Thailand-Cambodia border crossing reopens
A border crossing between Thailand and Cambodia, closed during recent fighting, has been reopened amid signs that tensions may be easing.
A tentative truce appears to have held since Monday night, and tens of thousands of villagers displaced by the fighting are gradually returning home.
Seventeen soldiers and a Thai civilian have been killed in the clashes.
The leaders of the two countries are expected to meet at a regional summit in Indonesia this weekend.
The latest fighting flared on 22 April around the temples of Ta Moan and Ta Krabey, which lie in jungle areas that both countries claim.
The area is about 200km (125 miles) west of the disputed 900-year-old Preah Vihear temple, the scene of deadly clashes in February.
The exchange of gunfire across the Thai-Cambodia border has ceased, allowing the more usual exchange of trade to resume via the newly reopened crossing. But correspondents say the row is far from being resolved.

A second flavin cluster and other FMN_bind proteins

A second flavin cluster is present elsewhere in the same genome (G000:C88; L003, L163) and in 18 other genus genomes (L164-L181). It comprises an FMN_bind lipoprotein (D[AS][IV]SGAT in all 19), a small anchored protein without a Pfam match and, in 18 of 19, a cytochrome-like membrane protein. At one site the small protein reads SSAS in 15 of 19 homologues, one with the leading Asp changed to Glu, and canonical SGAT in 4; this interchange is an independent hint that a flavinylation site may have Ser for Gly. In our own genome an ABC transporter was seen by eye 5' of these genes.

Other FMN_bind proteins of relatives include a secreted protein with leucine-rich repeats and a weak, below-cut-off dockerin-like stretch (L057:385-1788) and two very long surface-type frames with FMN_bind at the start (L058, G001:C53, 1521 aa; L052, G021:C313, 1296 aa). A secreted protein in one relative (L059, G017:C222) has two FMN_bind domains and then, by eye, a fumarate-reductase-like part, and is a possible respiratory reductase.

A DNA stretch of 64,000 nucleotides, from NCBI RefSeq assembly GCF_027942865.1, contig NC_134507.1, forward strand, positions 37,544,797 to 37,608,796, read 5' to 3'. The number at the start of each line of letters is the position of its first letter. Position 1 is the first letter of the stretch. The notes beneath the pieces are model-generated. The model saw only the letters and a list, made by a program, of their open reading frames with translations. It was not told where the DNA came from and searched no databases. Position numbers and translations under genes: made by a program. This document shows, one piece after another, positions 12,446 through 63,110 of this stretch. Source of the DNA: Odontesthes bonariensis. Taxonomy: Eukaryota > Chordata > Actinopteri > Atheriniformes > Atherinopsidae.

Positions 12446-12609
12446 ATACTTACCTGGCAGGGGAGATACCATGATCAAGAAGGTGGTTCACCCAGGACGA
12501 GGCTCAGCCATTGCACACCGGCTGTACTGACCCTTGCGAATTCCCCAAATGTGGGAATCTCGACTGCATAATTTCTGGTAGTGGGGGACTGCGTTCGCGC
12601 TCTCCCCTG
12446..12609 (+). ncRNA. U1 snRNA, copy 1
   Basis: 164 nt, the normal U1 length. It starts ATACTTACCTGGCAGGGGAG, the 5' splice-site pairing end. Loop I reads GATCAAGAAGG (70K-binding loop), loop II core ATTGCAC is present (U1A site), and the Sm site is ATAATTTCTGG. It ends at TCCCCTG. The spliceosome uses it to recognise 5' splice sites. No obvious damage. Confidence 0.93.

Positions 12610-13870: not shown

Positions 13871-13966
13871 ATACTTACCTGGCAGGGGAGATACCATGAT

Cambodia is now seeking clarification from the International Court of Justice of a ruling made in 1962.
The court awarded Cambodia ownership of the Preah Vihear temple, but Thailand lays claim to the land around the temple.
The issue has long been a source of tension and bone of contention for nationalists on both sides, says the BBC's South East Asia correspondent Rachel Harvey.
Cambodia has asked the court to act "as a matter of urgency" because of the gravity of the situation.
Indonesia has been trying to broker a permanent ceasefire and has offered to station observers in the disputed border areas.
Those efforts will be tested again this weekend when Jakarta hosts a regional summit including the leaders of both Thailand and Cambodia, our correspondent says.